Snowplow safety should be top of mind whenever you encounter one of these vehicles on the road this winter. You might not associate snowplows with danger, but driving near one can be as risky as being near a concrete truck, a dump truck, a tow truck, or any other huge vehicle. Snowplows do an incredibly important job, of course. But when they cause an accident with a passenger car, the occupants of that car could suffer severe injuries.
If you’ve been involved in an accident with a snowplow, an attorney with Penn Kestner & McEwen is ready to help. We’ll get to the bottom of why this accident occurred and work to get you the money you deserve. Use our online form or call (800) 732-3070 for a free consultation.
Do Snowplows Cause Accidents?
Without a doubt. As you’ll see in the next section, an accident caused by a snowplow can affect dozens of passenger cars – even if they don’t hit any of them directly. They’re already operating in very hazardous weather. When a mistake is made, the consequences can be horrible. Hundreds of these accidents happen across the country every year and cause severe injuries as well as fatalities – not to mention highways being shut down for hours.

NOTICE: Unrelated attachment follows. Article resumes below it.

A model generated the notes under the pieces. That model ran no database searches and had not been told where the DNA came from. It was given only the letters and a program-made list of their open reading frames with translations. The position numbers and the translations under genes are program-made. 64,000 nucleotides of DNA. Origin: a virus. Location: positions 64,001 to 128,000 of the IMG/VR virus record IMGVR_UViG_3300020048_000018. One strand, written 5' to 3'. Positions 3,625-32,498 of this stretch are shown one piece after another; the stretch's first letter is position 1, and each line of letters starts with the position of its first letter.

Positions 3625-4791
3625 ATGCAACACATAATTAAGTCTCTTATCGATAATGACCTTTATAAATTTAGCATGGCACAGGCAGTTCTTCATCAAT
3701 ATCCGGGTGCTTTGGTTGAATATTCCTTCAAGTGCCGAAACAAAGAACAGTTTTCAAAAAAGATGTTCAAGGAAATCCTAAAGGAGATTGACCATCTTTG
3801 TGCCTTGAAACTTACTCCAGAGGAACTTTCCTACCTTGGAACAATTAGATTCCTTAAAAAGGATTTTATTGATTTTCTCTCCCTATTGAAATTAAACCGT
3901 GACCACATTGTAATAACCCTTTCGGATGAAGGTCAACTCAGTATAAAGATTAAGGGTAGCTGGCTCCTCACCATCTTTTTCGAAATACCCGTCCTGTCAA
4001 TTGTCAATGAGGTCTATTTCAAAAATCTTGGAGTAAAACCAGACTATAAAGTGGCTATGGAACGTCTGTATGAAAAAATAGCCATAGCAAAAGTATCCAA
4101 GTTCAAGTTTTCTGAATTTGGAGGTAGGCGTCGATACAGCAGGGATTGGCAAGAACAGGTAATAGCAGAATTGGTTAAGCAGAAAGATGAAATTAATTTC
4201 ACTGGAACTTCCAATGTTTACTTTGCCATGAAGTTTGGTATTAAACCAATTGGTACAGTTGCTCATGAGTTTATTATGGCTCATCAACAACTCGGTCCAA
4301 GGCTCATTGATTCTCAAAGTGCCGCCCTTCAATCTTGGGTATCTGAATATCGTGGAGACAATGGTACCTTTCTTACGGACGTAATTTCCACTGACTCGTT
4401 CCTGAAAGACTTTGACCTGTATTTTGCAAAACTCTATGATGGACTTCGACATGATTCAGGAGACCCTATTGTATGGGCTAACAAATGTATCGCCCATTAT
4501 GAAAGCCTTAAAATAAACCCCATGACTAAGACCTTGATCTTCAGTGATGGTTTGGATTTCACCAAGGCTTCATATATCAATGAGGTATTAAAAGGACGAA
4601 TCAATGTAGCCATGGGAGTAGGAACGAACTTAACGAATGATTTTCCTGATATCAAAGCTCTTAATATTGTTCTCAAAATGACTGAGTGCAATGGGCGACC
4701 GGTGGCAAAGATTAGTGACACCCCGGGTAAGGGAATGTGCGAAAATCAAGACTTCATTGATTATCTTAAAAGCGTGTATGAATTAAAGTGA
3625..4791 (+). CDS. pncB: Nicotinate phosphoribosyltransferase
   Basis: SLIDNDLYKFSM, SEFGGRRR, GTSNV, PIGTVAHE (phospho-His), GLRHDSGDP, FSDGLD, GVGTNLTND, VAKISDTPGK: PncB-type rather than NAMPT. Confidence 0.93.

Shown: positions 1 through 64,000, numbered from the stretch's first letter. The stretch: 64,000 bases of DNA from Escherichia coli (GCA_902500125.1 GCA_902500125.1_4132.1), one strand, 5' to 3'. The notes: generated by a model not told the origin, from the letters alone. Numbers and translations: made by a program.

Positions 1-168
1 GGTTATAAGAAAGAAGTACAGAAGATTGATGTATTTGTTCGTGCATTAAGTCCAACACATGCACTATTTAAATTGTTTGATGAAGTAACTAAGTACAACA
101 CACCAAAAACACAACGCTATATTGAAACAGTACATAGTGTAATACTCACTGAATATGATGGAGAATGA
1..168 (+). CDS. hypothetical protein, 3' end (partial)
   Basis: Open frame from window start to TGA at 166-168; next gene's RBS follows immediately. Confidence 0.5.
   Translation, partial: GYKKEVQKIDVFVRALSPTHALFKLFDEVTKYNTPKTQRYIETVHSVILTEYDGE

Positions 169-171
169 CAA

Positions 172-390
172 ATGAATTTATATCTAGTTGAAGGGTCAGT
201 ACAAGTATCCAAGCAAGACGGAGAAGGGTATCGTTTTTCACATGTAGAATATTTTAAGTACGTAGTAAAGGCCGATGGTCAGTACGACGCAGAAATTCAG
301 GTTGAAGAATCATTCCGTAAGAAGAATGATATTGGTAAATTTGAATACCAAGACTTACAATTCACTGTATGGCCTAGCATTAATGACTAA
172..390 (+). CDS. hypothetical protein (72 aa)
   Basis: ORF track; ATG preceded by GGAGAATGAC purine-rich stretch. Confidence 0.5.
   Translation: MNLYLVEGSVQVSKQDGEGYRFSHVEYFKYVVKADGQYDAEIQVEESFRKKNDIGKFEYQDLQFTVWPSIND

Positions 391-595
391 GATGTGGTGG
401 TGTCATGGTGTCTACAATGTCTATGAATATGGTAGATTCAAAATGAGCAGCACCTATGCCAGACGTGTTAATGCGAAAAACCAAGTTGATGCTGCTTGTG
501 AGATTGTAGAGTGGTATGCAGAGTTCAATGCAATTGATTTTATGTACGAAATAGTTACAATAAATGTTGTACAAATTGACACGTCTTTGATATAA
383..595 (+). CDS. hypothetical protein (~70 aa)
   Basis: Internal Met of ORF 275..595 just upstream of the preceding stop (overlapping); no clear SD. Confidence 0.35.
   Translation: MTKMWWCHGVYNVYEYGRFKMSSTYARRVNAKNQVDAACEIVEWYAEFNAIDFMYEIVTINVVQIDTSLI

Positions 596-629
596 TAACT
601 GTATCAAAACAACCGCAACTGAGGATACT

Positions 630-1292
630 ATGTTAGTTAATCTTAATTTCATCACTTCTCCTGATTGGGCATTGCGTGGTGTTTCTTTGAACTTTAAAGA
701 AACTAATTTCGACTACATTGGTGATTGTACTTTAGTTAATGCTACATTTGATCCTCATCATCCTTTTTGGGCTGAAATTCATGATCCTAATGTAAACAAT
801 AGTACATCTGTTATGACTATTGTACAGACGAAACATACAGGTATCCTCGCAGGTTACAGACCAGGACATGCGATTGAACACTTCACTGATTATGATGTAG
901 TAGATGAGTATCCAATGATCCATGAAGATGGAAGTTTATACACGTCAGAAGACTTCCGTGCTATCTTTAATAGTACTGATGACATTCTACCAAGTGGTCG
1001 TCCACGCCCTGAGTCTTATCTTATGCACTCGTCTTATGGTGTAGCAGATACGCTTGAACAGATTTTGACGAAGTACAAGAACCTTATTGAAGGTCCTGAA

Examples of Snowplow Accidents
The range of outcomes in a snowplow accident can range from minor property damage to debilitating injuries and worse. In 2015, USA Today did a study of snowplow accidents in Iowa. The publication’s researchers found that there had been 415 snowplow accidents over the previous five years. Governments in 12 cities and counties located in central Iowa had to pay at least $1.6 million. This money went toward paying for not only the injuries motorists suffered but also vehicle repairs.
As stated earlier, snowplows don’t even have to make contact with passenger vehicles to cause a great deal of damage. On January 23, 2022, a snowplow operator working on the Ohio Turnpike created so much snow and slush that several vehicles had to swerve suddenly. The operator was throwing snow and ice onto oncoming vehicles. According to a news report, at least 40 vehicles were involved in the resulting accident, and at least 12 people were hurt.
Oncoming Plows vs. Plows Behind or Ahead
So, is it safer to be in the path of an oncoming snowplow or behind or ahead of the vehicle?
It turns out there’s really no great answer.
If you’re facing the plow, as you saw in the previous example, you could be blinded by the snow and ice that comes up from the blade. If you’re ahead of the plow and moving in the same direction, the road is obviously dangerous. After all, that’s the main reason the snowplow is behind you in the first place.
If you have to be on the same street or highway as a snowplow, being behind the plow – well behind the plow, is probably the best option. You’ll learn more about this in the snowplow safety tips section.
Reasons a Snowplow Might be At-Fault for an Accident
There are many culprits behind a snowplow accident, just like there are lots of causes for other types of accidents involving massive vehicles.